Rolls were called. Only one name was not answered in Hooks' company, and he was found, shot through the heart, where he had ended his portion of the original foot race. First company had three wounded, not serious. We withdrew down the hill to the wagon path, and stopped to rest, eat, and breathe once more. The brass band entertained us nicely, and when the Confederate brigade marched through under a flag of truce, they struck up Dixie and other southern airs, and all were paid the compliments we always pay each other upon such close contacts.
After a time, we formed the brigade once more and marched back to the north and to our original camps. We were directed to fall in under arms once more, and deployed on either side of the valley pike. The Confederates approached along our front and opened on our left. We were able to sustain our position on the left for some time with artillery support. It was determined that the enemy was moving to our right, and they raced for a stone wall there. They got there first, and made a good position of it. We were shifted from the left to th right, and were used to engage and overwhelm the wall. The fighting was severe, but after a time, the push from our right was enough to cave their line. They all pulled out and back, and their right back to the valley pike before their route of escaped was also cut off. So ended the battle of Kernstown.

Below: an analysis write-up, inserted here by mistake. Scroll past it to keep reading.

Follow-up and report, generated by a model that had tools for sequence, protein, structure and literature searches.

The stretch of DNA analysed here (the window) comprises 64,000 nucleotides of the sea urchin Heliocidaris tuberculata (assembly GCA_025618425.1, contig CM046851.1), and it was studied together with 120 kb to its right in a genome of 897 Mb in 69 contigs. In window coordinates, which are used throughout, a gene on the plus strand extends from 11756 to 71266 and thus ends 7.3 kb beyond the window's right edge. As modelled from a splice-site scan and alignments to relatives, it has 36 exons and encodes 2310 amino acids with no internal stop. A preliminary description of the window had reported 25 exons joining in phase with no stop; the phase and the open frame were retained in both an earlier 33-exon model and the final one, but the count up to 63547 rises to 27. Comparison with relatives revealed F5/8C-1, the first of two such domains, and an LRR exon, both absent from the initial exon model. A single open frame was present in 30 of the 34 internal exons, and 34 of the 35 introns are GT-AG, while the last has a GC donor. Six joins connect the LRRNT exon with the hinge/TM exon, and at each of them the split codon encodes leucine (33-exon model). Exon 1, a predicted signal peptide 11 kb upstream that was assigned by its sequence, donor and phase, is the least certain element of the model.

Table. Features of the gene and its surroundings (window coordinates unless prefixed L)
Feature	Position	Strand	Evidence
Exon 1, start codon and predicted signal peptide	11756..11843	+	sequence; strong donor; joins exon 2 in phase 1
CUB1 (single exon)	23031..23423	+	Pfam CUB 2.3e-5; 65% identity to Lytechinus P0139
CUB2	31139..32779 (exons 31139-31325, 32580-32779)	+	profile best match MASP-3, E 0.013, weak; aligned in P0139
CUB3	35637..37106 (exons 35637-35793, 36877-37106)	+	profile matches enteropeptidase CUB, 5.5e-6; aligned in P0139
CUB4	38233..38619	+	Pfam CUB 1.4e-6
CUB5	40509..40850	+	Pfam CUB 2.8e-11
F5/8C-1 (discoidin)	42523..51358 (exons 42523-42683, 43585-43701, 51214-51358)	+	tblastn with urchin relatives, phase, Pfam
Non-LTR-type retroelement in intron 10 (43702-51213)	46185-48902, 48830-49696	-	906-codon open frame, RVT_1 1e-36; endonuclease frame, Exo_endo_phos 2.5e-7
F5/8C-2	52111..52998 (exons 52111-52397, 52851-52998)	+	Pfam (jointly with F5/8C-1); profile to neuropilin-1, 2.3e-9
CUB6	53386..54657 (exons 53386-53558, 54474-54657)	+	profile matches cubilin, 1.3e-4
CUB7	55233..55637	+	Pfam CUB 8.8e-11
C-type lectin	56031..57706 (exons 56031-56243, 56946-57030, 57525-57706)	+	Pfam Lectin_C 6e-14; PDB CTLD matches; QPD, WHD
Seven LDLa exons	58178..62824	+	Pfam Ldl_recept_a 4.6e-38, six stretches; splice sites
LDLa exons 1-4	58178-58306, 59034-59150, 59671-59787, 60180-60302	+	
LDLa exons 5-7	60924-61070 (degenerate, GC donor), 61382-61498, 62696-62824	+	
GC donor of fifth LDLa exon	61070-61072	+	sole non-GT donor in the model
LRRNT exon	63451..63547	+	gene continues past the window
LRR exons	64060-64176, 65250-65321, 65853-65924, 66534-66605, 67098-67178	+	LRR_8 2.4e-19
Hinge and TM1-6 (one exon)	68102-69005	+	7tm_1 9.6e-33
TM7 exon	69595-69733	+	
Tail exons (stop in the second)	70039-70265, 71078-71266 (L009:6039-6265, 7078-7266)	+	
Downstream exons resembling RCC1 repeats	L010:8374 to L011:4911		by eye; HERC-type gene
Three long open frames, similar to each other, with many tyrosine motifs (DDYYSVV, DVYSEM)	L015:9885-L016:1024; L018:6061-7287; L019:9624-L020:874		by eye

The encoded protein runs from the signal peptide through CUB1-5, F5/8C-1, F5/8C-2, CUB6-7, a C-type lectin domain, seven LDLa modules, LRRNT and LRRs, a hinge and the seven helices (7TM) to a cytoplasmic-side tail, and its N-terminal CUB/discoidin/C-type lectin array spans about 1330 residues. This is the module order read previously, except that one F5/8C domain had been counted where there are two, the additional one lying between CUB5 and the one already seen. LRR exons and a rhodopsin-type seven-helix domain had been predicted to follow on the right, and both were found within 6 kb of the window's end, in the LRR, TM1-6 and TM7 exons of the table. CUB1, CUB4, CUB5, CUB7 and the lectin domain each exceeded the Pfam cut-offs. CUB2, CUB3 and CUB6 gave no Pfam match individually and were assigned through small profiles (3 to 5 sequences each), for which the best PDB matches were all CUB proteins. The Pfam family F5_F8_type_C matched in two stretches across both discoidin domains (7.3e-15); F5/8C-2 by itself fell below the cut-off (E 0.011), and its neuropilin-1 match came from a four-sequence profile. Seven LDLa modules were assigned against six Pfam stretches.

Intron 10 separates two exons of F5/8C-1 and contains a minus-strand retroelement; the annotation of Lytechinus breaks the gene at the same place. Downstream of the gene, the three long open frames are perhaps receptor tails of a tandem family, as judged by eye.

The march back to our camp was severe in the heat and sun, and many a boy collapsed in camp, exhausted at the days efforts. It was a quiet supper, and a quiet evening as everyone turned in to get some well deserved rest. The brass band sounded "Lights Out" precisely at ten o'clock, and continued for some time after with soothing pieces that lulled all to sleep and dreams of home.